The fictive and the funerary: macabre and black humour in the contemporary Irish novel
Gefter Wondrich, Roberta
Death and the macabre have always been deeply entrenched in Irish culture: one of its most celebrated sons, Bram Stoker, has granted Ireland a central place in the Gothic literary tradition. The wake and the funeral have a prominent place into the Irish obsession with death and all its paraphernalia. In their book about Irish funerary tradition, Nina Witoszek and Patrick Sheeran state how those traditions are a mark of identity and might be seen as politically charged since the history of Ireland is one of a country divided by opposing loyalties and religious affiliations. Poetry has been regarded as one of the most effective vehicles for the transmission of death traditions in the rich Irish culture, and the modern and contemporary Irish poetry is a remarkable depository of death imagery. By recalling the distinction by Vivian Mercier, who identifies 'macabre' and 'grotesque' as two types of humour typical of the Irish comic tradition (along with the fantastic), the essay discusses the cultural and anthropological matrix of the Irish macabre through examples from contemporary Irish literature, focusing in particular on novels by Patrick McCabe and John Banville.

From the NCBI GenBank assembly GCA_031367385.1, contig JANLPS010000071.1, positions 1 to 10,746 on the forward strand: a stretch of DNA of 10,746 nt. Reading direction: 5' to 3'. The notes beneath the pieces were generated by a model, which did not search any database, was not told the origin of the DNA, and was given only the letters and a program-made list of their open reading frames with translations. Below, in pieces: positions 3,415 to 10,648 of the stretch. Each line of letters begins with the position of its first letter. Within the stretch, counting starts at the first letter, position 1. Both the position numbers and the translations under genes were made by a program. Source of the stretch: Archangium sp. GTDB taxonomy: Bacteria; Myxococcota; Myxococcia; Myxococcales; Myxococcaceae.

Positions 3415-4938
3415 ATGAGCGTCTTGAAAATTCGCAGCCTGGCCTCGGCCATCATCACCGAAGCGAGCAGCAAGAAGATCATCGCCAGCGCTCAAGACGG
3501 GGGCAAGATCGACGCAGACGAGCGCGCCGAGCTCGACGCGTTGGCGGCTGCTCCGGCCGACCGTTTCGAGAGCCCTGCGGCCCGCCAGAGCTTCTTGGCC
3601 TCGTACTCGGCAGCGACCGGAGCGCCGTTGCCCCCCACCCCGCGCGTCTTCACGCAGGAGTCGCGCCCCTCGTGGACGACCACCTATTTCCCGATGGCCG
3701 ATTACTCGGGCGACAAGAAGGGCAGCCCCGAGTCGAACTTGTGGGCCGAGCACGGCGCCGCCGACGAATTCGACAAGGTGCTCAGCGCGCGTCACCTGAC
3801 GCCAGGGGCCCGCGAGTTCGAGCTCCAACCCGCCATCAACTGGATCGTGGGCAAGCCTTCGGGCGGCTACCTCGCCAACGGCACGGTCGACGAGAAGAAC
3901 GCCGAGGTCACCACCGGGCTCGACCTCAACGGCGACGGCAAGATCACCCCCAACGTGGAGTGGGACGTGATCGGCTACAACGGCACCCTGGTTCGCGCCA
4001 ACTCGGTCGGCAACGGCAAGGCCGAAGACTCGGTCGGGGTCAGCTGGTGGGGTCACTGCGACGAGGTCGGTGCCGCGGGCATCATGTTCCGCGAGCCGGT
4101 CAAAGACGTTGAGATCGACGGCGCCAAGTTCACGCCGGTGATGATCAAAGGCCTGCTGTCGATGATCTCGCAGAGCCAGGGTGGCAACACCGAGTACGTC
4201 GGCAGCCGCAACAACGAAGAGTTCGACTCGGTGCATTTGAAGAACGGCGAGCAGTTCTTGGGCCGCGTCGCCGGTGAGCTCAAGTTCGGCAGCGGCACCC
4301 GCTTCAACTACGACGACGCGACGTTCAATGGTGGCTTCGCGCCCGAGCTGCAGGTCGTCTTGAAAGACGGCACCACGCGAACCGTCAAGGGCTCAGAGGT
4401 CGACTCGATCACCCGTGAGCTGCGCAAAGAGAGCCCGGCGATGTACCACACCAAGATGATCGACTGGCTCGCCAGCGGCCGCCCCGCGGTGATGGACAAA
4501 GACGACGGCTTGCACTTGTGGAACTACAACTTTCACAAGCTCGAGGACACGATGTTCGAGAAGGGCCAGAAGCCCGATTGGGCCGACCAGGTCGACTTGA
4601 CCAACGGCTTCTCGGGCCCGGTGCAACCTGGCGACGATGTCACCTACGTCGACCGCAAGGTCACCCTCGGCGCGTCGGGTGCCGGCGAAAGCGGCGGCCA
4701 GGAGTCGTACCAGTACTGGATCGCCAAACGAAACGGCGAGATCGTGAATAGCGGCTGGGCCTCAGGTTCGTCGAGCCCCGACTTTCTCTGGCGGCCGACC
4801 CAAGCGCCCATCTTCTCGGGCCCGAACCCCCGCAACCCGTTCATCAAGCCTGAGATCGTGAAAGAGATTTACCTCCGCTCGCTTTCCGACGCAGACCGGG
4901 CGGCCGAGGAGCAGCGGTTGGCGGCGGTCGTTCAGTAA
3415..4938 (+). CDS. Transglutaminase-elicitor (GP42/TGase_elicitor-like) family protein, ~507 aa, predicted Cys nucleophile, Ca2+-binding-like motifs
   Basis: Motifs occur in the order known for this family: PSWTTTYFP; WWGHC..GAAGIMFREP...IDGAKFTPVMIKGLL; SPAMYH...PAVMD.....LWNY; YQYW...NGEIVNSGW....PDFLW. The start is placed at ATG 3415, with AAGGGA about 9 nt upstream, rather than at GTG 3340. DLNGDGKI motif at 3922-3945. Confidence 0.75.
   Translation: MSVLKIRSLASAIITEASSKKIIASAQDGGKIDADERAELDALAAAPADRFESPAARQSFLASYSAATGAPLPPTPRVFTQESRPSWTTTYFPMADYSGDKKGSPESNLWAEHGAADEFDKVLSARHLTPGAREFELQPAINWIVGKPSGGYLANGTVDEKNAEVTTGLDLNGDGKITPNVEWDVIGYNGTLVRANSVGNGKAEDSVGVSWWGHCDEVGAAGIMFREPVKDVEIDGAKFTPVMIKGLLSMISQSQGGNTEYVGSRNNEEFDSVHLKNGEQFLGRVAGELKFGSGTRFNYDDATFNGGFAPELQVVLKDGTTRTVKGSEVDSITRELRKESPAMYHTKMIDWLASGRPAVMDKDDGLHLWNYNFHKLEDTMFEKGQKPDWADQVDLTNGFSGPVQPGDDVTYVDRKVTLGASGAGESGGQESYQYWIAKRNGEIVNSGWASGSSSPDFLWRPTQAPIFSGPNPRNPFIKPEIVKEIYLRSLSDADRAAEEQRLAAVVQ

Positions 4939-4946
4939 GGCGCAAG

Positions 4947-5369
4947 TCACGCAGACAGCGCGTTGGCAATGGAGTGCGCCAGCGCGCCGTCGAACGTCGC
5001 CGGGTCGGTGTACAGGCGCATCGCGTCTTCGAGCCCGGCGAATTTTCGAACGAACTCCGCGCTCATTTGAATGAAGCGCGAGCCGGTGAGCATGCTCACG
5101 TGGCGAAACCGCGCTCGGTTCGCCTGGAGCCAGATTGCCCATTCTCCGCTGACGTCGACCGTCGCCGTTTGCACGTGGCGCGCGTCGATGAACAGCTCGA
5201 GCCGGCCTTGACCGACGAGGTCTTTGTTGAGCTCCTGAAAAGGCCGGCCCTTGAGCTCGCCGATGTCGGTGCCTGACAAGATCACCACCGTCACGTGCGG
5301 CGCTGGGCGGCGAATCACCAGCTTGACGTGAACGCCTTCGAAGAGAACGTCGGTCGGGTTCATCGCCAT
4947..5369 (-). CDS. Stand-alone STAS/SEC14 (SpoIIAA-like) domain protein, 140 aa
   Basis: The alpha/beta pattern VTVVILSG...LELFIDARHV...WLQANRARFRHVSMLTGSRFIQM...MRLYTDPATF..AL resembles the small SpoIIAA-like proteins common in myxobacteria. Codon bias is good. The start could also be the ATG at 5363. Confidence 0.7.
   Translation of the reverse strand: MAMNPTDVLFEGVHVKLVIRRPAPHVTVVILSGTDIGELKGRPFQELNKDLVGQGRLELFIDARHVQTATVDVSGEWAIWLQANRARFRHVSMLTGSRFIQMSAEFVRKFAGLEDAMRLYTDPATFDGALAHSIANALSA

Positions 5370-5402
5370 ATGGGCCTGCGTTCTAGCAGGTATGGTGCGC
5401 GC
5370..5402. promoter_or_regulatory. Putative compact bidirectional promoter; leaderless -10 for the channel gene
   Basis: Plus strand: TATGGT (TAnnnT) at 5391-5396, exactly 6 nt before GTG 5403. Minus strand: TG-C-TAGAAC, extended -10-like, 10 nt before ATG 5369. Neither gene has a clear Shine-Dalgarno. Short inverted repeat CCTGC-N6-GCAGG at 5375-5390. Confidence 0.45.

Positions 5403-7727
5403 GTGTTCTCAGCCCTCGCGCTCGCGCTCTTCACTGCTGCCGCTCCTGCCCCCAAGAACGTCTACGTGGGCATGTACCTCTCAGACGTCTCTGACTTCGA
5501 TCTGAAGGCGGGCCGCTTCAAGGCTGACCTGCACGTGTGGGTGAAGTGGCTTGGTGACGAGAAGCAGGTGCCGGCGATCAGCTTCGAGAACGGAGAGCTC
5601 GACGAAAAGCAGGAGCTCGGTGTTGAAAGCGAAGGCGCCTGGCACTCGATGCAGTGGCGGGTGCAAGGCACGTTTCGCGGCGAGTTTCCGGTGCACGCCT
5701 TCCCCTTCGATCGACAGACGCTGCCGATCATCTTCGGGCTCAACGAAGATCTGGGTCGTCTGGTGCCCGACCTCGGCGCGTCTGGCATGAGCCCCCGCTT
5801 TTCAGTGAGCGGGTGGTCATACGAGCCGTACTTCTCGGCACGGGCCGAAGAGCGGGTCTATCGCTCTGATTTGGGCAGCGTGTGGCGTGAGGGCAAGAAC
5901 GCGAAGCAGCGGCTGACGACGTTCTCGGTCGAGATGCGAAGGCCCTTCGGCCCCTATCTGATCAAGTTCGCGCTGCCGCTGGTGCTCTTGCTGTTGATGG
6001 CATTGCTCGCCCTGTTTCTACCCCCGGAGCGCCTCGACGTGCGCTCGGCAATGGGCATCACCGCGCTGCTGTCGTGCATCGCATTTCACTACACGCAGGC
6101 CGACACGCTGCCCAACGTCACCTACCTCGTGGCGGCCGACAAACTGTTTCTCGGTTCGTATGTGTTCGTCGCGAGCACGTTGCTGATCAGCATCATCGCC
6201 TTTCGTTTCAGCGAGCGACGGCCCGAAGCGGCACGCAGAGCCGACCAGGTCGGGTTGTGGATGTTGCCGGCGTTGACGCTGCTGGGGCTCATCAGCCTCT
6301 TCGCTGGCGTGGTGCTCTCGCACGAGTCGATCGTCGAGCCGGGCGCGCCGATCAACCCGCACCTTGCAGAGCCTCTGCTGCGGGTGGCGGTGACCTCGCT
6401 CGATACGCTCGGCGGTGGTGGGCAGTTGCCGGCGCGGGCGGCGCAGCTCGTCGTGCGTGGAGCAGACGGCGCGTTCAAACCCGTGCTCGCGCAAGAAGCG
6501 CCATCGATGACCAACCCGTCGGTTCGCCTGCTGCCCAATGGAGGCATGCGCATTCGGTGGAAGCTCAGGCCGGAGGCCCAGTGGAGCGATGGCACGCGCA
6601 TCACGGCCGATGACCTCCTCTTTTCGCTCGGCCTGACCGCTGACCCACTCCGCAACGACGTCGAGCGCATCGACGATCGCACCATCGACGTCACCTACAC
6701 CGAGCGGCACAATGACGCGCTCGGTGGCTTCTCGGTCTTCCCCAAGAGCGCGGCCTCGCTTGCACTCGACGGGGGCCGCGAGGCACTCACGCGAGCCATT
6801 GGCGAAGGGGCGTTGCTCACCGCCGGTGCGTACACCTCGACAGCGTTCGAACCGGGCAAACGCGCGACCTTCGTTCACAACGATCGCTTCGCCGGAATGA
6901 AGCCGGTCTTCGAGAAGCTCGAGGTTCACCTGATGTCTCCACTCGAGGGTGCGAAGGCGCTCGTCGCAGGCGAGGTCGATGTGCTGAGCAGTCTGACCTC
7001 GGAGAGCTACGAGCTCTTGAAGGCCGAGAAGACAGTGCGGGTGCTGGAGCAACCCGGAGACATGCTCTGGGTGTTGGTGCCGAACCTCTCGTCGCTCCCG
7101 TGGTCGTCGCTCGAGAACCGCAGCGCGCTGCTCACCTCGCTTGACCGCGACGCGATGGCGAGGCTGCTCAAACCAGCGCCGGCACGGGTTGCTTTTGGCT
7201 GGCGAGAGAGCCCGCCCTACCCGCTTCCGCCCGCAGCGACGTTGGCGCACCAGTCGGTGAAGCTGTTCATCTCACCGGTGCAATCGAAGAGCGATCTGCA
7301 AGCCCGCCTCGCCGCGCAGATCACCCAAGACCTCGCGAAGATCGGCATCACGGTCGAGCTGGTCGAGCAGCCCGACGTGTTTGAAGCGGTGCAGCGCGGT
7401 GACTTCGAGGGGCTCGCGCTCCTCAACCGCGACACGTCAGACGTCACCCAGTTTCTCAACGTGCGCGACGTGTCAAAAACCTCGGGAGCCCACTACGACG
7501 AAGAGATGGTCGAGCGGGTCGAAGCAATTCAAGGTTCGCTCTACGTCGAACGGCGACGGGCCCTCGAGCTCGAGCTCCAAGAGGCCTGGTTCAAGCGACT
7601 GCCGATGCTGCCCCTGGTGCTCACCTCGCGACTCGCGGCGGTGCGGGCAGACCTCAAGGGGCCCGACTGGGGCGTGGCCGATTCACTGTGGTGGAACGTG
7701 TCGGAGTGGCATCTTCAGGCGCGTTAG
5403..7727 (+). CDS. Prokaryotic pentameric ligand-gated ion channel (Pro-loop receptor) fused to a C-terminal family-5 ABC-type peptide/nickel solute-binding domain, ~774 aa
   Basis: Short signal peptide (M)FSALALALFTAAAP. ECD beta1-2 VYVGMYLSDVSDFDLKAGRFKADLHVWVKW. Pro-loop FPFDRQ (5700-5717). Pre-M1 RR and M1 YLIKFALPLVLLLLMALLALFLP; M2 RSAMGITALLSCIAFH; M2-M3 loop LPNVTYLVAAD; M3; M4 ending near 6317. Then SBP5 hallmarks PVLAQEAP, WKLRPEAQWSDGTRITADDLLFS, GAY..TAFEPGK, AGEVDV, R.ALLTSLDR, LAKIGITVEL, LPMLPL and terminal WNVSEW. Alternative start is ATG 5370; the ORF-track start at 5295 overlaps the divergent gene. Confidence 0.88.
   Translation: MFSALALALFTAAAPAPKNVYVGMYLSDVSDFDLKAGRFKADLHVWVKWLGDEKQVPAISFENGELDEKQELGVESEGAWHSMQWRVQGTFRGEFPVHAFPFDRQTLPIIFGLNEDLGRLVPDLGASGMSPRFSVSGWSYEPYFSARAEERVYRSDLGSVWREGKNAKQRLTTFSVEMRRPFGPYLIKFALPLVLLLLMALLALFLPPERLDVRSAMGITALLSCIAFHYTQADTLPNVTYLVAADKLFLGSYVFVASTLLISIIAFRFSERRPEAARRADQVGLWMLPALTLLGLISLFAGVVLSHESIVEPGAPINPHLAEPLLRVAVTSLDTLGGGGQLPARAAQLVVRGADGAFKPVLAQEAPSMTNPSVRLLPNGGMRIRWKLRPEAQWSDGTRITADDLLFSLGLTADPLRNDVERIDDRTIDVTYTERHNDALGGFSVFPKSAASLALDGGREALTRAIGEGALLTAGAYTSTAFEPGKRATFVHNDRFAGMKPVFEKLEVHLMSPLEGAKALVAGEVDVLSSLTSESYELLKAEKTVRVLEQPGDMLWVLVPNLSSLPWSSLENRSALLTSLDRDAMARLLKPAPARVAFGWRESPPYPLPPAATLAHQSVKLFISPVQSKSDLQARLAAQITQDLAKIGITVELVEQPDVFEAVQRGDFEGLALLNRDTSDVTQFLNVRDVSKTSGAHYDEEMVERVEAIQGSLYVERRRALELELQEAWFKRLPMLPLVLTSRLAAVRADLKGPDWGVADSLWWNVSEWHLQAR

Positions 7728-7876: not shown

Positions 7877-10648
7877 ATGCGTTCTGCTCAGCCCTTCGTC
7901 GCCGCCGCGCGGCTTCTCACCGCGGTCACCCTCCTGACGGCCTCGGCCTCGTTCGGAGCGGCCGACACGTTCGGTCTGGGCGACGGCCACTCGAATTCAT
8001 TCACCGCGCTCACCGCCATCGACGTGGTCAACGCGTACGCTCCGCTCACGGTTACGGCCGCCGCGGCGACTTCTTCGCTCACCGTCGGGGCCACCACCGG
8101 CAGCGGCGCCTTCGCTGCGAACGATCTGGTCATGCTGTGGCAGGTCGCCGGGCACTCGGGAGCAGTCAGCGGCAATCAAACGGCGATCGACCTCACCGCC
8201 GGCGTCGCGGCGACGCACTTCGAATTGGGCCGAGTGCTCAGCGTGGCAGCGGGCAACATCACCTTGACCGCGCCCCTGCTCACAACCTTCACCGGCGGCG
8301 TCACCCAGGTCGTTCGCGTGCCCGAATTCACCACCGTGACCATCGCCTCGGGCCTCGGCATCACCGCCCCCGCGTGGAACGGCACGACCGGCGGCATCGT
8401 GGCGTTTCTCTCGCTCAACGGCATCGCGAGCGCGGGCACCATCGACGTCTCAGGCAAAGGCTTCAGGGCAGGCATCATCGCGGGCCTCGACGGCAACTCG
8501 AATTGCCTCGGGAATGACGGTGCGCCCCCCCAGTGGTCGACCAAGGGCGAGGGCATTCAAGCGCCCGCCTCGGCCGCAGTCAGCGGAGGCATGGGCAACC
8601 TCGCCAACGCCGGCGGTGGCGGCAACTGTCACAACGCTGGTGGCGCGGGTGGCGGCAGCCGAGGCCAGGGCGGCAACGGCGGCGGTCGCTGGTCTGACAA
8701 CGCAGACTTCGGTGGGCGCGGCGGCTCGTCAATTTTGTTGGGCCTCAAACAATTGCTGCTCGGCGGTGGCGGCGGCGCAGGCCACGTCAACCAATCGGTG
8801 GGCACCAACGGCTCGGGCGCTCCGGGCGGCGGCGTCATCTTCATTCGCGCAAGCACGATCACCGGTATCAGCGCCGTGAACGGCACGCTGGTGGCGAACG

EUT Edizioni Università di Trieste
Roberta Gefter Wondrich, “The fictive and the funerary: macabre and black humour in the contemporary Irish novel", in: Prospero. Rivista di Letterature Straniere, Comparatistica e Studi Culturali, XV (2009), pp. 147-158